The Z Tailgate is a sequel to my second book – The Burning Z.  In the Burning Z – zombies invade the Burning Man festival, after a mysterious alien meteor-like object begins infecting people in the desert. Our protagonists set out to warn and save those inside Burning Man. So in the Z Tailgate, two months later, the Burning Man site is now an internment camp for zombies and our protagonists have contracted in different capacities with Homeland Security, who is now charged with dealing with the zombie site. The Chinese want to procure some of the interned zombies for their own experiments, and arrange a zombie kidnapping that goes awry. Two of our protagonists are kidnapped along with the zombies. The kidnappers end up the subject of a manhunt, and take refuge in the Oakland Coliseum parking lot, where a football game will soon be taking place. Meanwhile, our other two protagonists are dealing with a new zombie threat on a cruise ship, before they are whisked away to help consult in dealing with the zombie tailgate at the Coliseum.

Will readers first need to complete The Burning Z in order to make sense of The Z Tailgate?

While I’d love for anyone to read both in that order, you can certainly enjoy The Z Tailgate as a stand-alone story. Enough relevant background is provided in the sequel so it stands on its own.

Why Zombies? Why Burning Man? Why Cruise Ships? And why a Raider Tailgate?

These are all things I’m passionate about. Who doesn’t love zombies? They’re so soft and cuddly. I love a good zombie movie or The Walking Dead, despite how they ended this season. Burning Man is such a unique, wonderful experience – I consider it the best alternative to visiting another planet if you can’t afford space travel. Cruise ships can be so much fun if you’re with close friends or family and I’ve become a frequent traveler. And the Raiders – I’ve been a season ticket holder since 1995, and there is nothing like the Coliseum tailgate crowds. Burning Man, cruise ships, and a Raider tailgate – they all seemed such great venues to plop a herd of zombies into.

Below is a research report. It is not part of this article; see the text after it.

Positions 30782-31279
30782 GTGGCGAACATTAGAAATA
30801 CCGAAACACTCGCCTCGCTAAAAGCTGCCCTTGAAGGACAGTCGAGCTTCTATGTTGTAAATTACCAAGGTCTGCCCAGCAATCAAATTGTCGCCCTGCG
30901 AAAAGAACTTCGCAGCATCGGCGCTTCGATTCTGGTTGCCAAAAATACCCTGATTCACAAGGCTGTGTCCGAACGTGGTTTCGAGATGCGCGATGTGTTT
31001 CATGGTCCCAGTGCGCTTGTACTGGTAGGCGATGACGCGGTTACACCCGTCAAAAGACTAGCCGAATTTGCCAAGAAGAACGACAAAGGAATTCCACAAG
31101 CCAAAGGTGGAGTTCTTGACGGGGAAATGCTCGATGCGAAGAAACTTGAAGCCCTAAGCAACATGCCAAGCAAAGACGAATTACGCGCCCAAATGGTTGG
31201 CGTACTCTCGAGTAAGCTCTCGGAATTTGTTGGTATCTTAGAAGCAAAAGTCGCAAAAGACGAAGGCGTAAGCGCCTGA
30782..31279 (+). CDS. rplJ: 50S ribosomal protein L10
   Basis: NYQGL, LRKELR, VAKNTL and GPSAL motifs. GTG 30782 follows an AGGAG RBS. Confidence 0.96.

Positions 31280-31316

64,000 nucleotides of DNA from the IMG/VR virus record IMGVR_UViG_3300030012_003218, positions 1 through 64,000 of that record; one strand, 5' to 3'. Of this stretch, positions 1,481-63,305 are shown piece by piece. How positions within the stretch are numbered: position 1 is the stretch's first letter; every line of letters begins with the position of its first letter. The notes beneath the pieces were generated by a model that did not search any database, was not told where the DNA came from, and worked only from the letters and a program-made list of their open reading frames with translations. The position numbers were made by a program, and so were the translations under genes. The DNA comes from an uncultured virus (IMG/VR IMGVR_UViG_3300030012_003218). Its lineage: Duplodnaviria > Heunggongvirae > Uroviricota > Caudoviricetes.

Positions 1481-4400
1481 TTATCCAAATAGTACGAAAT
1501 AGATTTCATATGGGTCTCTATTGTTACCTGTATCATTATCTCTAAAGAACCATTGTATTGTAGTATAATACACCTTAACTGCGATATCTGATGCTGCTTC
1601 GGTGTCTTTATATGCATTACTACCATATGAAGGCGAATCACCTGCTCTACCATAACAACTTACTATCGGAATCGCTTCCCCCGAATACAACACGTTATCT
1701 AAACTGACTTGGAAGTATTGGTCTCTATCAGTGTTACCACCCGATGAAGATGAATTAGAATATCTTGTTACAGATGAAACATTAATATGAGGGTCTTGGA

But aren’t the Raiders probably leaving the Oakland Coliseum after this upcoming season?

I deal with that in the story. And I do think the zombie incursion in a final game at the Coliseum is something that all Raider fans can relate to, given all the fans have suffered through in rooting for their team the past two decades.

About the Author
Clive Riddle is a life-long Californian, married and father of three. At age 26 Riddle became CEO of a regional HMO. After a decade, he went on to found MCOL (www.mcol.com), a leading health care business information company. Riddle has authored a variety of health care reference books and business articles. He is a noted speaker at national events regarding key health care business issues. Dorris Bridge was his first novel, The Burning Z was his second, and the Z Tailgate is his third. Find out more about Clive at www.CliveRiddle.com.